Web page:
As with most writers, I am fascinated by the dissonances and the harmonies of the human experience and understand this best through the written word. My writing inevitably flows through the lens of disability awareness. Disability is an experience common to over forty million Americans, yet it is an experience that remains foreign to many—particularly those of my generation who are so far blessed with youth. As a person whose life is dictated by the demands of the body and as a director of a chronic illness community nonprofit, I am very aware of how many people do not have an inkling of what this experience is like. Likewise, I am aware of the many experiences of which I lack perception. So I read, and I write. In a divided world, literature transcends boundaries. Writing allows me a voice in the world—something particularly necessary when you are part of a community willfully overlooked and thrust away by society. 

In the five years between withdrawing and returning to (a different) college, I examined the world around me through my keyboard and my camera—even when it narrowed to my bedroom—to see what this life had to offer. Photographer Robert Capa said, “If your pictures aren’t good enough, you’re not close enough.” Writing and photography share much: both benefit from close examination; both act as testimony. Disability is a harsh reality that people avoid acknowledging until they cannot. Writing holds the power to surpass willful ignorance and transmit truth directly to the soul. As Maya Angelou said, “the idea is to write it so that people hear it and it slides through the brain and goes straight to the heart.” The chronically ill and disabled communities deserve better from society. Words have a part to play. Poetry puts beauty in the pain and shows they are not mutually exclusive. I will never be without pain or illness entirely. My body is unlikely to receive that luxury. I will always have to fight my way through brain fog. Yet that does not mean that pain, hardship, and struggle cannot be mixed with pleasure, joy, and pride. There is room within disability for triumph.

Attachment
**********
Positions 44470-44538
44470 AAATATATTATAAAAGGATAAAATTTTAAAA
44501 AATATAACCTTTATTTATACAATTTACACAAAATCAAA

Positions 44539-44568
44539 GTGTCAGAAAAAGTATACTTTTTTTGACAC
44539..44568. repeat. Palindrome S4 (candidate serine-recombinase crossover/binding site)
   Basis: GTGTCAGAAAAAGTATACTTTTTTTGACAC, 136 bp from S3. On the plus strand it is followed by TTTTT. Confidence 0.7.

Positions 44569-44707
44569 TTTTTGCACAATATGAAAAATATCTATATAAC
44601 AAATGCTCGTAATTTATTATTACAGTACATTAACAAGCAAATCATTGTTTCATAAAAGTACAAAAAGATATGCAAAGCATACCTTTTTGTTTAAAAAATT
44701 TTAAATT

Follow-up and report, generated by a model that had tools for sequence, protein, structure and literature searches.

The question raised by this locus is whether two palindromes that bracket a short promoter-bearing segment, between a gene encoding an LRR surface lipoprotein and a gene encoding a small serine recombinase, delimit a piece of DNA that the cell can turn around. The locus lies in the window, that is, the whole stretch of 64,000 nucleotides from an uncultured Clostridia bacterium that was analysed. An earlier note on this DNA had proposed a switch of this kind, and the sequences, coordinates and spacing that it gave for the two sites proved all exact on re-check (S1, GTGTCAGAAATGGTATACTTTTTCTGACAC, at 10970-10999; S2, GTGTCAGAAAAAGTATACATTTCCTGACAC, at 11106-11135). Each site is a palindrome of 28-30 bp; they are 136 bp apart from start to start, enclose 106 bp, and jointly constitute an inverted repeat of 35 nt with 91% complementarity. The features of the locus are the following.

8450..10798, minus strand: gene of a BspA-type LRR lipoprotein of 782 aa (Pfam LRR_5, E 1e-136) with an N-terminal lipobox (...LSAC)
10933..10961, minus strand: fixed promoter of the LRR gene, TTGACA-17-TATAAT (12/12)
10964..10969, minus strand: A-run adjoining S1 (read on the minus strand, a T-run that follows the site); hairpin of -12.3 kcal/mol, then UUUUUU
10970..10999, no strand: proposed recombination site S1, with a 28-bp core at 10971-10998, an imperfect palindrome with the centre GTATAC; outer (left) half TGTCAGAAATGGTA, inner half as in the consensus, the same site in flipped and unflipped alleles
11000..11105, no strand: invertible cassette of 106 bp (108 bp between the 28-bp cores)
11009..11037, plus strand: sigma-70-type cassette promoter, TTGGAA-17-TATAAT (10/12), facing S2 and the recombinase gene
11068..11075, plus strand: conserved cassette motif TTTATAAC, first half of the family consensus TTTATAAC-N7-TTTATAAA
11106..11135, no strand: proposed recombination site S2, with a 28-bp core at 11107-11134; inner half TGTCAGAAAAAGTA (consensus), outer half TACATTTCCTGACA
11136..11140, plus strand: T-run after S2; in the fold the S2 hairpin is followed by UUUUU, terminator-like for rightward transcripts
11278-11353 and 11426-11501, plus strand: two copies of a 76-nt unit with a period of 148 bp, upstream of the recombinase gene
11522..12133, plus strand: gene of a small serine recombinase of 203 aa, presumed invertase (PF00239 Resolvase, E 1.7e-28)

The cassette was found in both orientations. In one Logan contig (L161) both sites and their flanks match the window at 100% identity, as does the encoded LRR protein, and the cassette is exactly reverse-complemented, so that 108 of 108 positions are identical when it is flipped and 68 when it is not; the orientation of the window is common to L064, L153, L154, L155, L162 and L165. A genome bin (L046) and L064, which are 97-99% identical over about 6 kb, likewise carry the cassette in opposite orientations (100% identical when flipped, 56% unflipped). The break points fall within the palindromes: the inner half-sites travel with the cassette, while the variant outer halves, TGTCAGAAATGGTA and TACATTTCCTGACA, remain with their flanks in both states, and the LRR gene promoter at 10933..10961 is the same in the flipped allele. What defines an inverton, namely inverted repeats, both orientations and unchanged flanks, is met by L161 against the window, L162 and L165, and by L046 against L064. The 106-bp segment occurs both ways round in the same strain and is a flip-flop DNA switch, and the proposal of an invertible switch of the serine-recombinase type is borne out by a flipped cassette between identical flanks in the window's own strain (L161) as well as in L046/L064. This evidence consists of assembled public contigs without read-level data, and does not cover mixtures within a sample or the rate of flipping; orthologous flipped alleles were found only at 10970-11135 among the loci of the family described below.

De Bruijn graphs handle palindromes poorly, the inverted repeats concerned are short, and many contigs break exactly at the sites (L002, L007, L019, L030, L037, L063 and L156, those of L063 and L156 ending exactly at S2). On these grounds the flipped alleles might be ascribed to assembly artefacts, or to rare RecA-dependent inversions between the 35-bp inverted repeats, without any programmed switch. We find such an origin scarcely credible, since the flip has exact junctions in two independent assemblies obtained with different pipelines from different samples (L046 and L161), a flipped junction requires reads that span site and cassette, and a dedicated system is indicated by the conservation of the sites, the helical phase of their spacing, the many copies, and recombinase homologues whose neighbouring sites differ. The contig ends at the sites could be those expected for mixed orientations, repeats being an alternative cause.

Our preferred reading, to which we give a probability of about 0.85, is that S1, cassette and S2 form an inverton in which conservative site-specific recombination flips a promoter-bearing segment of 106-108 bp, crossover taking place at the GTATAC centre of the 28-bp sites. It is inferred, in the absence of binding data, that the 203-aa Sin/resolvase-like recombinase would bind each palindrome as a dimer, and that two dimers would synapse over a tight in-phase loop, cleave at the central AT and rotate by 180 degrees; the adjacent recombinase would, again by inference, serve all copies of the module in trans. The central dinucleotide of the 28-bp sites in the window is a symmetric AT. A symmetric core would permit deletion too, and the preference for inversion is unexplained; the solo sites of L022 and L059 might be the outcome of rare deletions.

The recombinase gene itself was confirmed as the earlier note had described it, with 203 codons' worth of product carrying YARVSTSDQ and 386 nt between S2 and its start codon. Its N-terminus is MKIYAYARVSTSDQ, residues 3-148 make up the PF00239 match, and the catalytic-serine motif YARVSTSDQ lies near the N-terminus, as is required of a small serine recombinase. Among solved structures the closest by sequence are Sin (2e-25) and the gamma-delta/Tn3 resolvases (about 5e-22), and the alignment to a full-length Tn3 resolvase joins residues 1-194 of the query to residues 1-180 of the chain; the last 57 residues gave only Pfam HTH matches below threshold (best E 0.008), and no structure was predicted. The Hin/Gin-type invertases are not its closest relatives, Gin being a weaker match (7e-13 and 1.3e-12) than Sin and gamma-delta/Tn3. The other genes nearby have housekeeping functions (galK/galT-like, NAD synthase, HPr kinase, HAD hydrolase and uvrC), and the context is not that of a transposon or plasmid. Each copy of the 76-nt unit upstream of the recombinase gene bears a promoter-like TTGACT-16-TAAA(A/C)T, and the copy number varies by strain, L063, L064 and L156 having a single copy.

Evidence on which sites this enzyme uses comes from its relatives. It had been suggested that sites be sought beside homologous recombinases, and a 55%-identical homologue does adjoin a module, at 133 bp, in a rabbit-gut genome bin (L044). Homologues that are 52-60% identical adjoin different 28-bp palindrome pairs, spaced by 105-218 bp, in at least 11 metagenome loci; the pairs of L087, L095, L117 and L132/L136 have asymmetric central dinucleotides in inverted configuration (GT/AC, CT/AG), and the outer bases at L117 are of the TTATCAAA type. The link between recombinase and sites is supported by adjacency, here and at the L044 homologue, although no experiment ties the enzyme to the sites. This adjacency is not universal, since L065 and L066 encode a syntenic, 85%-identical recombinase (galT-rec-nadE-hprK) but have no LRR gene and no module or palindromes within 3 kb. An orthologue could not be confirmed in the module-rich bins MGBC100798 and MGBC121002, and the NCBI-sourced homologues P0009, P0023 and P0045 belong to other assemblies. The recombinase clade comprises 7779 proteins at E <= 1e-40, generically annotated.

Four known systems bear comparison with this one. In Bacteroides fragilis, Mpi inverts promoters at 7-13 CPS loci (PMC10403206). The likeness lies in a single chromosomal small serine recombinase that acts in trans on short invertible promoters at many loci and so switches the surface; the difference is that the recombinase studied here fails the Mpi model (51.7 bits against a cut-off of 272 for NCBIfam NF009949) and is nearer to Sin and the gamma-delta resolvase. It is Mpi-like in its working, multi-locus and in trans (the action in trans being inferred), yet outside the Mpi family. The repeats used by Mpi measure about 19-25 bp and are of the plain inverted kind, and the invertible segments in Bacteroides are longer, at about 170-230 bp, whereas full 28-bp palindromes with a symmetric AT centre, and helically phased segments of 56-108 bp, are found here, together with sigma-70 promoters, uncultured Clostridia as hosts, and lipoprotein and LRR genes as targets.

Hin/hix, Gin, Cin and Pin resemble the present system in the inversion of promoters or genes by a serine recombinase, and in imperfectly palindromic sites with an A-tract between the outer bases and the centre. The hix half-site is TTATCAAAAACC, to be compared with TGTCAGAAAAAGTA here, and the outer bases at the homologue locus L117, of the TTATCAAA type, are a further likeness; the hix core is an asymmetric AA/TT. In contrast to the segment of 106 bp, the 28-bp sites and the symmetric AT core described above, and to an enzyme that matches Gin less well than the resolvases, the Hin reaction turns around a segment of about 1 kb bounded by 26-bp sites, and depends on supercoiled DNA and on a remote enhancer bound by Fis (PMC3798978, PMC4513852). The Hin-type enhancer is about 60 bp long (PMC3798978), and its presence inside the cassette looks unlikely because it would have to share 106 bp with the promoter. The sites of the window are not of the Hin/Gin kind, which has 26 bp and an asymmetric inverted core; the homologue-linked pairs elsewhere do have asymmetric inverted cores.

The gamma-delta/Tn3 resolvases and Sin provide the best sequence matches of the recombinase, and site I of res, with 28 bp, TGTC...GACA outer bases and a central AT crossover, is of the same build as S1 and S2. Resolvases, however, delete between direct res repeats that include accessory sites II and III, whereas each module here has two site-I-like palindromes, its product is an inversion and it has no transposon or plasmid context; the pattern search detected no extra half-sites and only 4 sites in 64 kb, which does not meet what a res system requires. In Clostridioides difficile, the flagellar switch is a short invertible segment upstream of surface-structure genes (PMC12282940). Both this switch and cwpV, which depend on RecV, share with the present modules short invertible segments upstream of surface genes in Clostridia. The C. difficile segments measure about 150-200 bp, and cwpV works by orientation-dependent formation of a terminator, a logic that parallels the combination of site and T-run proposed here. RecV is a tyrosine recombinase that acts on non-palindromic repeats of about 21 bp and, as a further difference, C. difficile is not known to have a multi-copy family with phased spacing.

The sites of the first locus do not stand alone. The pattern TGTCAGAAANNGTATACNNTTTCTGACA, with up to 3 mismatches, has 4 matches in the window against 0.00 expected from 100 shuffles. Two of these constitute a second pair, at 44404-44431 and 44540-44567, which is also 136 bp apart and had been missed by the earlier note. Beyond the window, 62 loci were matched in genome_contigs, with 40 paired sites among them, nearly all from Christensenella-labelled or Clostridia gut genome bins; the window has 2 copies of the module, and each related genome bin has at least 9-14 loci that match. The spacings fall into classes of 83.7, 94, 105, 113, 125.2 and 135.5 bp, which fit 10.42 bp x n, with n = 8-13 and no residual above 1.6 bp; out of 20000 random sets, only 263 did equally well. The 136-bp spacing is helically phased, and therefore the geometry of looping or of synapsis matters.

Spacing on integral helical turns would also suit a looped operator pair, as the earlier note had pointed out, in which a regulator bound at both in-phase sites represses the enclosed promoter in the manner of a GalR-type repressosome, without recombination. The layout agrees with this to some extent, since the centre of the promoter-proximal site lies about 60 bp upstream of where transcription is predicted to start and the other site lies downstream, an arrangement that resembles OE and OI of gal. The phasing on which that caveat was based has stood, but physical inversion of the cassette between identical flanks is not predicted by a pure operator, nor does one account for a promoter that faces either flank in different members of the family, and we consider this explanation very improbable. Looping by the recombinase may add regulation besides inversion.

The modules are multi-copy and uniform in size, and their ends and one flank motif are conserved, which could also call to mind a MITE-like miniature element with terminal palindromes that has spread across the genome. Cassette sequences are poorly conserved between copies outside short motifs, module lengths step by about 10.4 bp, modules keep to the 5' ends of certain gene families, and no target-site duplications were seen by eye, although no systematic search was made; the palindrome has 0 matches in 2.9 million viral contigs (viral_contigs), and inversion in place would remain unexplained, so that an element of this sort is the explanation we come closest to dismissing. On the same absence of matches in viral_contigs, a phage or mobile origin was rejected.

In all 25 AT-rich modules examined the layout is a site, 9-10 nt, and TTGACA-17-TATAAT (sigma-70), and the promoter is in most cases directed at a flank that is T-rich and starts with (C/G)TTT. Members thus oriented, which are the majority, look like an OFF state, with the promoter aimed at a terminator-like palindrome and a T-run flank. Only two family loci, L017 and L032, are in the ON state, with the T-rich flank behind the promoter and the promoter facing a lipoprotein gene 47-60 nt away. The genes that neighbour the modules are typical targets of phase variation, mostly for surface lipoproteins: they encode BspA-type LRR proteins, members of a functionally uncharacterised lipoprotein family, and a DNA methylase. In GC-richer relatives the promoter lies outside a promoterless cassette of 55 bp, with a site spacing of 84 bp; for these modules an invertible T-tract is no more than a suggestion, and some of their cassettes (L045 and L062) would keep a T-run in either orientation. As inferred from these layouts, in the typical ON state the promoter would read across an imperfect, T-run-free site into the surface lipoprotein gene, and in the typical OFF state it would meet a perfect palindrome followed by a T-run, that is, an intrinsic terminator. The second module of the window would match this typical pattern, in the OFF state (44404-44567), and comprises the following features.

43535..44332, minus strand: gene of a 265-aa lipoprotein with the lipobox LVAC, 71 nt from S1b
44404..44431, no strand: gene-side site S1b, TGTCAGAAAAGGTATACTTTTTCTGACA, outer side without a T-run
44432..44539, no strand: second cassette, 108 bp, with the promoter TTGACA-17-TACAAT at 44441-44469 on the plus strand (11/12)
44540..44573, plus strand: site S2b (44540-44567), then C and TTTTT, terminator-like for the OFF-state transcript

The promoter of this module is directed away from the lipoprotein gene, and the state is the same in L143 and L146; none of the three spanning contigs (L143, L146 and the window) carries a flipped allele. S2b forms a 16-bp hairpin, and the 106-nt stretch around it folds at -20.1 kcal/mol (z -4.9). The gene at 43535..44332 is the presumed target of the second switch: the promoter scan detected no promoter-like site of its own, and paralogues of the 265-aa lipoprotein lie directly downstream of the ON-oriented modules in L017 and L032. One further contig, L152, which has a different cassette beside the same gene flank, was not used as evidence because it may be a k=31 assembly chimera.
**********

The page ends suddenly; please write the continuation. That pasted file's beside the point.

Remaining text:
I have felt stuck in my body—in its vast limitations—more times than I have felt free. Yet there is poetry in the rays of golden lamplight shining opaquely through the plastic of my Cromolyn medication vial. There is poetry in the love and excruciating devotion my parents have shown me through years of illness. There is poetry to my anger of being unseen and shoved aside by the world. There is poetry to my life—as constricted by my health as it may always be. Through writing, I lose the constriction of an ill body and become limitless. Through writing, I bathe the wounds of shame with the truth of testimony. Through writing, I offer my experience as a loving mirror to those born to a similar lot. Through writing, I ask the sun to see me and my kind. My words will find a way to surpass the sun even when I cannot.

Sally Krueger-Wyman (she/her) is a multi-genre writer whose essays and short stories appear in About Place Journal, Barzakh Magazine, Canyon Voices Magazine, and Lux Creative Review. She is co-writer of the nonprofit Earthshot’s graphic novel, Supercharged. Sally identifies as chronically ill and is co-executive director of the nonprofit Los Angeles Dysautonomia Network. She was recently named a Diversability Disability Impact Honoree of 2023. You can find her on social media @sallyv_kw or at www.sallykw.com.

Spring 2024